Penn Medicine recently opened a new Center for Living Donation to strengthen collaboration between Penn’s kidney, liver, and uterus transplant services.
The Living Donor Center, which opened in December, is a combination of the previous Living Kidney Donor Program, Live Liver Donor Program, and Uterine Transplantation Program. The center was established to raise awareness of living organ donation, reduce waiting times for kidney and liver transplants, and facilitate the organ donation process.
Therese Bittermann, medical director of the Living Liver Donor Program, said cross-departmental cooperation has increased efficiency for all involved.
“As we established the center, our programs became more aligned, so we realized that we could learn from each other,” Bittermann said. “We always joke that living liver donation is about 10-15 years behind living kidney donation. We were able to adjust our policy.”
Amanda Leonberg-Yoo, Medical Director of the Living Kidney Donor Program, emphasized the importance of Living Kidney Donor Centers in recognizing different treatment needs.
“This demonstrates that individuals interested in living organ donation are distinct from the general population,” said Leonberg-Yoo. “These people do not need to come forward and seek medical care, so they recognize that care needs to be delivered in a different way to create a convenient and easy process for individuals.”
Living organ donations allow patients to receive transplants and related benefits more quickly, according to Penn Medicine. Organs from living donors are activated and patients feel better in no time. These live donations allow patients to plan ahead. Due to the pre-scheduled dates of surgery, the need for dialysis and other short-term treatments can be limited.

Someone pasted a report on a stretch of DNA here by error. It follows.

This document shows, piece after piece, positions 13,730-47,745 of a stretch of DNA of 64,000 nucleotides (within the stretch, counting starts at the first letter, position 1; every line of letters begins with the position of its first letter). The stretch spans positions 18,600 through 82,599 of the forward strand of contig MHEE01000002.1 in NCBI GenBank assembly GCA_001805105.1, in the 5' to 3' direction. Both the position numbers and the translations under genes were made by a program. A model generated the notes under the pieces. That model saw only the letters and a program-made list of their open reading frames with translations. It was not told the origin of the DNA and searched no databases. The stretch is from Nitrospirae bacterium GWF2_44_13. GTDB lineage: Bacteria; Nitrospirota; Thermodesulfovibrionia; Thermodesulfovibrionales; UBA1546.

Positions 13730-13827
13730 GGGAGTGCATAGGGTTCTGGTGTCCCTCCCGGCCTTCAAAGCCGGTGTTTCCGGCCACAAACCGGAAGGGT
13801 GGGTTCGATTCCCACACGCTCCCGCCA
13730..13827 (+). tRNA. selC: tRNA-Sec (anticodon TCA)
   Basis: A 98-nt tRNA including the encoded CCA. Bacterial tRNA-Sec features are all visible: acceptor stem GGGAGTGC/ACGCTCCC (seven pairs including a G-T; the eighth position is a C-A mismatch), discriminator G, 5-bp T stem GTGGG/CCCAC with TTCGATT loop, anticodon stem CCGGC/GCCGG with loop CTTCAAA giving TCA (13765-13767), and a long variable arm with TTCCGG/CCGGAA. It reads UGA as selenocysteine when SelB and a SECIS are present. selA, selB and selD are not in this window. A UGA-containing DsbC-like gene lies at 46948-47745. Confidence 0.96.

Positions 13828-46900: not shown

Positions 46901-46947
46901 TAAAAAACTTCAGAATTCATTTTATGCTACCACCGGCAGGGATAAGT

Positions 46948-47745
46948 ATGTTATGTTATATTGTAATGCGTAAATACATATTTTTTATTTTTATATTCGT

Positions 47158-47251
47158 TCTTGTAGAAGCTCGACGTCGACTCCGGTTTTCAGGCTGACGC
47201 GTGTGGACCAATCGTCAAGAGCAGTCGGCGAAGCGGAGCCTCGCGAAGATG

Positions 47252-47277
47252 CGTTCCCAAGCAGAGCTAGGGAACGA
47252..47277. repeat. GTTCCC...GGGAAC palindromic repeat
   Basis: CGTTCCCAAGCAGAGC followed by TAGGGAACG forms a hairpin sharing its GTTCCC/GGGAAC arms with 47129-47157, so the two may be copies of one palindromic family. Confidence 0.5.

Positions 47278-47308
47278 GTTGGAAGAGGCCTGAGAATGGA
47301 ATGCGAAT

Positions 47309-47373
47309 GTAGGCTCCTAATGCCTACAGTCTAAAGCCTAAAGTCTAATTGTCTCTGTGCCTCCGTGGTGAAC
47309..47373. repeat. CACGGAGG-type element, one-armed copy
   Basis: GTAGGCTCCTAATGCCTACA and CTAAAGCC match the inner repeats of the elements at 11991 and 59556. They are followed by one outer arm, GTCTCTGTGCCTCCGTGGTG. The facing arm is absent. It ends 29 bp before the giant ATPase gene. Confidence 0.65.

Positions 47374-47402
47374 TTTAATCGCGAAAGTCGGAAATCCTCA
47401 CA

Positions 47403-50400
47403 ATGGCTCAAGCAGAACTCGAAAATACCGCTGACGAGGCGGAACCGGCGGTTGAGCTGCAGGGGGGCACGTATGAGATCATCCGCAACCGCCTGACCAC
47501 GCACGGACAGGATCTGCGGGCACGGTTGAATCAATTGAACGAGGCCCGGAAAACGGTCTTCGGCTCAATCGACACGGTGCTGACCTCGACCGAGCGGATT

Also, organ donations from living donors last longer than organ donations from deceased donors. According to Leonberg-Yoo, live kidney donations tend to last him 15 to 20 years, while cadaver kidney donations last him 10 to 15 years on average.
Living Kidney Donor Program Coordinator Ashley Aloba suggests that living kidney transplants are growing in popularity.
“When I started [at Penn], I remember asking my supervisor, “Is this a secret?” Is there a reason people don’t know about living donations? And now, in the world of transplants, it feels like all eyes are on living donors,” Arova said.
Leonberg-Yoo said Penn is “very supportive” of the center’s new initiative, citing how living organ donation can benefit patients.
By joining forces at the Center for Living Donation, kidney and liver programs received additional resources. This includes funding for medical assistant staff, intake coordinators, and patient navigators.
Bittermann said the biggest problem with living implants is the lack of awareness of them as an option. Leonberg-Yoo agreed with Bittermann.
Leonberg-Yoo added that in the future, he hopes to treat more living donors than dead donors.
“There are more than 90,000 people waiting for kidney transplants in the United States,” Leonberg Yu said. Individuals must donate kidneys.”
Leonberg-Yoo also said the Center for Living Donation could become more embedded in the University City community in the future by working with dialysis unit-led outreach initiatives and community leaders to raise awareness. suggested that there is
Aloba hopes the Center for Living Donation will be able to perform 200 living donor transplants annually within the next five years. This is up from 101 living donor transplants performed in 2022 and 89 living donor transplants performed in 2021.
“My pitch to the Penn community is to ask about living donations,” Arova said. As more people grow, they will explore what it means to be a living donor.”